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Chava Koster announced to her family that she wanted to be a rabbi when she was 16 years old. The family’s response was, “Impossible!” This was in Amsterdam and there had never been a woman rabbi in The Netherlands. Her answer, “Watch me!”
Prior to her rabbinic career, Rabbi Koster studied English Historical Linguistics at the University of Amsterdam. A few years later, she moved to the United States to study at the Jewish Theological Seminary. In 1993, she earned her Master’s Degree in Jewish Studies and Jewish Education. She also earned a fellowship at the Melton Center for Research in Jewish Education in New York that same year. She then went on to the Academy for Jewish Religion, where she was ordained in 1997. None of us know exactly how many languages Rabbi Koster speaks, but eight would be a good guess.
Rabbi Koster’s rabbinate began as Associate Rabbi five years at Congregation B’nai Abraham in Livingston, New Jersey, followed by seventeen years as Senior Rabbi at Congregation B’nai Israel, of New York City. As a spiritual leader, Rabbi Koster believes that for a congregation to become a truly sacred community, the emphasis must be on learning, spiritual growth and social action coupled with warmth and caring. The vibrancy, excitement and ownership of these fundamental elements will enable all members, regardless of their knowledge and observance, to be inspired to find even greater depths of meaning within Judaism.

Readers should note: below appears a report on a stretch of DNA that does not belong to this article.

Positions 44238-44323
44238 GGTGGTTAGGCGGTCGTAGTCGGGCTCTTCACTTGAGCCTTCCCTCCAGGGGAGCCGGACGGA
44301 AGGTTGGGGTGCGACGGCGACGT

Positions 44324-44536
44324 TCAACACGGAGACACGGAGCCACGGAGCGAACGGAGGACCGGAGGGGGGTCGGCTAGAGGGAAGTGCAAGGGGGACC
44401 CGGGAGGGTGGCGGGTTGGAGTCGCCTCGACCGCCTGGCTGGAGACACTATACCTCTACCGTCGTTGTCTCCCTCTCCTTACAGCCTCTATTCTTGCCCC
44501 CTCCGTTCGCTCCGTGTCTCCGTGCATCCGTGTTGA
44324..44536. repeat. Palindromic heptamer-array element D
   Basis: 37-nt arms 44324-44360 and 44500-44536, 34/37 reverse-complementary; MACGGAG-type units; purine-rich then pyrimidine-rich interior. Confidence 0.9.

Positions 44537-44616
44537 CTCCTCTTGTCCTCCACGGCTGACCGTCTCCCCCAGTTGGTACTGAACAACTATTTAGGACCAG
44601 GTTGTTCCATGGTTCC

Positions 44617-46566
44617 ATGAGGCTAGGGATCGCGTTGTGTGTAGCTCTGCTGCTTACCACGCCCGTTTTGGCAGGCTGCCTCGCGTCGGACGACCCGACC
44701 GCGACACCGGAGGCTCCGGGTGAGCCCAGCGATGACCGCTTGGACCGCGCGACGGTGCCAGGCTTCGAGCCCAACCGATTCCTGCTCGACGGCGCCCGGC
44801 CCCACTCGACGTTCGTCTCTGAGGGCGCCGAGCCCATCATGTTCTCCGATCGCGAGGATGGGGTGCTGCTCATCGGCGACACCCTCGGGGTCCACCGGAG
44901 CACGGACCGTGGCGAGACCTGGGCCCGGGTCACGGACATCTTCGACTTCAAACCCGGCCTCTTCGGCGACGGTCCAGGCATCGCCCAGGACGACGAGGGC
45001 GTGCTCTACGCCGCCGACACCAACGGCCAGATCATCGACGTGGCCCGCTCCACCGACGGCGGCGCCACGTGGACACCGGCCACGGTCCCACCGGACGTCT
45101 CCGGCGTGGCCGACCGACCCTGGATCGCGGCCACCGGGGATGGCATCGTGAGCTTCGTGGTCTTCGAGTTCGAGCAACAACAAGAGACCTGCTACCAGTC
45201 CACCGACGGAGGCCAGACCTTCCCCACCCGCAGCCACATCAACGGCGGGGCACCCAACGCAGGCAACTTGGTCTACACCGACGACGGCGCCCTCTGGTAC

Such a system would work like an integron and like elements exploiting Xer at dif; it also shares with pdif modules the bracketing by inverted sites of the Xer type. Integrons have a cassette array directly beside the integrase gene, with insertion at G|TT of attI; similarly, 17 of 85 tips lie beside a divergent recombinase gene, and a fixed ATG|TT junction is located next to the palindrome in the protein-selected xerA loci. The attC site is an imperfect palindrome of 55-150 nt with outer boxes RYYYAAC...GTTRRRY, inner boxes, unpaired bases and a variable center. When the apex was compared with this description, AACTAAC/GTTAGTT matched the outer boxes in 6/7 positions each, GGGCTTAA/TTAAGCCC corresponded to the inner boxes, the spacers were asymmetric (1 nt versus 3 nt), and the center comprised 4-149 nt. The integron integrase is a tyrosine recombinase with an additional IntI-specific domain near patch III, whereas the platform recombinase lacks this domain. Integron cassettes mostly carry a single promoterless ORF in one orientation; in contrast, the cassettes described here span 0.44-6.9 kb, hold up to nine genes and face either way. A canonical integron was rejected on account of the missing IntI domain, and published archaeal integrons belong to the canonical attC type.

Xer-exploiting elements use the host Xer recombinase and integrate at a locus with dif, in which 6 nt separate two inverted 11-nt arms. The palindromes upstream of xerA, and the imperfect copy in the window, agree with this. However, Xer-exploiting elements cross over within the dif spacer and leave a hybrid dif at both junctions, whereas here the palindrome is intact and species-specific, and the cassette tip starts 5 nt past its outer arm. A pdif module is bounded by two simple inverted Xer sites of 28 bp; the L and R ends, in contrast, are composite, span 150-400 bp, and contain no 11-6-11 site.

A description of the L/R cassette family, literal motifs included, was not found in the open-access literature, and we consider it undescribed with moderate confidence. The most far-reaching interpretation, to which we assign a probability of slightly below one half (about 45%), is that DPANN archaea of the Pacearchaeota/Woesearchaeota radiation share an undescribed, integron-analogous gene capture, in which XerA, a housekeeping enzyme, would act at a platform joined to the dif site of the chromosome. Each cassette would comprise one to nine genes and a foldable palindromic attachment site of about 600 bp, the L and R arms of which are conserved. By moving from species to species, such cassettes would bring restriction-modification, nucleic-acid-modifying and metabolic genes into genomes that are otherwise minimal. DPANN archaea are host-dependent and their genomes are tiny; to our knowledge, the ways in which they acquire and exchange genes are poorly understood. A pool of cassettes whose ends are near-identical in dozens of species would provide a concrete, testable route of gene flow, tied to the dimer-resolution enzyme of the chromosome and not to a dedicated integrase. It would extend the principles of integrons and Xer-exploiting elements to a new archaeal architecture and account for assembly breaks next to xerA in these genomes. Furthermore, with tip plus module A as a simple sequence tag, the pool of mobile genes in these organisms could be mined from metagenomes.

Rabbi Koster was a representative to the American Jewish Committee. As past Director of Columbia University’s Uriel Weinreich Program in Yiddish Language, Literature and Culture, she has been a supporter of Eastern European Jewish culture, no small feat for a Sephardic Jew. She was an adjunct professor of Jewish Studies at the City University of New York in Harlem. As one of the keynote speakers for the Global Peace Initiative of Women Spiritual Leaders, she is proud of the practical outcome of the initiative, in that it offers both spiritual and economic programmes focused on young girls and women. The Peace Initiative has supported the basket project in Rwanda, and set up computers training for women in Afghanistan. As a Senior Rabbinic Fellow of the Shalom Hartman Institute, she believes in an Israel as it ought to be, and supports open discussions to re-engage people in Israel.
Rabbi Koster is honoured to be part of Bromley Reform Synagogue – and humbled by people’s trust and willingness to allow her to be part of their lives. She looks forward to continuing a conversation that is both thousands of years old and utterly new. She hopes to challenge everyone to understand their traditions and to apply them to the modern issues we confront each day in our private and community lives.